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Jeff Rudy ~ What Do You Expect? Promise and Wesleyan Grace

“Is anything too wonderful for God?”  

The question posed by the three heavenly visitors challenged Sarah’s unbelieving laughter (Genesis 18.13-14). Abraham had laughed when God told him (Genesis 17) about Sarah’s impending pregnancy. Had he not told her?

Abraham and Sarah provided a lavish meal for the visitors – each got a steak and each got a cake – hospitality at its finest. And as they place their napkins down at the conclusion of the meal, the strangers make a surprising announcement. Abraham had heard it before, but not Sarah.

“She’s going to have a baby by this time next year.”


“Is anything too wonderful for God?”  

What about God visiting us? What about God actually caring about me, loving you, forgiving us, even taking the mess of a life that I’ve made and transforming it into a thing of beauty? Or what about God doing that for him? Or her? Or them?

“HA! No way! That’s not possible!”

Among the questions asked of pastors who get ordained in The United Methodist Church is: “Do you expect to be made perfect in love in this life?” Subdued yet audible chuckles can be heard throughout the conference gathered, laughing at the seeming impossibility of perfection. Or perhaps the disbelief manifests as a quiet smile that holds back a laugh, thinking it’s not really possible.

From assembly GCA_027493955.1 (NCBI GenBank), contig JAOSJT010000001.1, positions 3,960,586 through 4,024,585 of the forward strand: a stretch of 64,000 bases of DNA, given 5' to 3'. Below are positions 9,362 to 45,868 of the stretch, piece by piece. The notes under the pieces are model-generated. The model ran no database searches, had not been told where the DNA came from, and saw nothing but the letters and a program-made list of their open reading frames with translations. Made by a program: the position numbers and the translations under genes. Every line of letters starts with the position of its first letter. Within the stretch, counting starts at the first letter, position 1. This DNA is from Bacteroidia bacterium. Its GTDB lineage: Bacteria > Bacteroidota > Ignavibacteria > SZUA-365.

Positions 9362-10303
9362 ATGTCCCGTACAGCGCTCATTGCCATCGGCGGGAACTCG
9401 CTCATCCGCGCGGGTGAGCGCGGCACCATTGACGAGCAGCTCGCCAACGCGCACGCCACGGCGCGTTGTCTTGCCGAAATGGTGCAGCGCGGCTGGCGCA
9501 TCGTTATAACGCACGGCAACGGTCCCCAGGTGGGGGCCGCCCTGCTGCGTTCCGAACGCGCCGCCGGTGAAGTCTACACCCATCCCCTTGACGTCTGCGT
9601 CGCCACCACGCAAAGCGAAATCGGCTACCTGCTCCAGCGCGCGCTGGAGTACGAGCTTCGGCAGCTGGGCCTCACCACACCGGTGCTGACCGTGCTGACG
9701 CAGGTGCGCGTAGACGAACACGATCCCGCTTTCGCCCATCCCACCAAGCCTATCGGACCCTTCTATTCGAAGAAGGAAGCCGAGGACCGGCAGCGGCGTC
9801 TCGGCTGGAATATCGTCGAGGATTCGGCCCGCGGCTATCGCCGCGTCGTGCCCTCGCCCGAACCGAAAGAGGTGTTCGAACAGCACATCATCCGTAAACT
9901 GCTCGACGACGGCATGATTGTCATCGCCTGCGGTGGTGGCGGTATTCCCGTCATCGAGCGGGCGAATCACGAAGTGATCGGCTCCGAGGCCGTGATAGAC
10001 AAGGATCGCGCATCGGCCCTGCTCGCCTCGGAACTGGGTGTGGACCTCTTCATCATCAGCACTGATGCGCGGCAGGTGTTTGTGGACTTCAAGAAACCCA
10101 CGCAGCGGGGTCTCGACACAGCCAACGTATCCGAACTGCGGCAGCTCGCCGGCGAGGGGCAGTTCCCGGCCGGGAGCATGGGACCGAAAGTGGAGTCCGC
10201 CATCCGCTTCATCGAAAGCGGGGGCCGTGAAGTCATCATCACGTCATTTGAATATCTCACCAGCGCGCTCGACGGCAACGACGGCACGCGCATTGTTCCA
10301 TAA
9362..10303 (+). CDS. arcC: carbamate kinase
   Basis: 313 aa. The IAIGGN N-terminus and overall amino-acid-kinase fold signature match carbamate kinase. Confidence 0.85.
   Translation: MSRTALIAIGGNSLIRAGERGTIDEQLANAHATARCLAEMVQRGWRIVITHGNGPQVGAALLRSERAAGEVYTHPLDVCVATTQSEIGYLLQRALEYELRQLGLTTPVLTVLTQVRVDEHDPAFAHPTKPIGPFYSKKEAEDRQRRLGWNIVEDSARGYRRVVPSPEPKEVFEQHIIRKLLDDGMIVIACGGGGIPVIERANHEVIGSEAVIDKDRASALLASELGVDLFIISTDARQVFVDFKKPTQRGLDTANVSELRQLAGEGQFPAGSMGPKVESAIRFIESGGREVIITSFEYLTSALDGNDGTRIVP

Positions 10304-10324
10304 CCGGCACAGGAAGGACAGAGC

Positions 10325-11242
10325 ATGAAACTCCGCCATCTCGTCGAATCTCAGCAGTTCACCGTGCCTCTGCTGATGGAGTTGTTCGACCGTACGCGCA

But the ordinand, in the spirit of Sarah here, says “yes” to the question because that’s what the Discipline requires. What will you expect, if not that? Fading off into a fruitless life and ministry? Relying solely on the change of others who show more promise, like Sarah had expected of Hagar in bearing Ishmael for Abraham? But the question is posed in the passive voice – to be made perfect” – meaning that while we make ourselves available, while we make room for God, it is a gift, the work of God, not a human attainment. 

When Wesley spoke of the possibility of perfection in love, he didn’t mean that we are capable of this on our own power or merit, but rather he meant to challenge anyone daring to say that God can’t do it in us. Who are we, really, to answer the question, “Is anything too wonderful for God?” with a definitive, “Yes, that is too wonderful…you can’t change me/us/him/her/them that much!”?

In the three visitors, God wasn’t telling Abraham and Sarah that they would do this on their own; they simply made a promise. Is it not true of us with Jesus’ command to “be perfect”? C.S. Lewis said that that command isn’t “idealistic gas,” but that God “is going to make us into creatures who can obey that command.” Who are we to limit God’s ability to do just that – to transform us into the sort of people who can love perfectly? Remember, this is not the same as perfect performance, but when a life is fully transformed by God so that you love God and neighbor with no trace of fear, a new sort of laughter arises…one like Sarah offered after Isaac’s birth. Her laughter of disbelief had transformed into the laughter of amazement and hope. Maybe a year from now, God will visit again and will have given us a gift of grace on top of grace – lives transformed. And maybe we’ll be able to laugh with Sarah while saying, “Well by golly, look what God did!”

Well, what do you expect?

“Learn to laugh and sing and worship, trust and love God more than all.”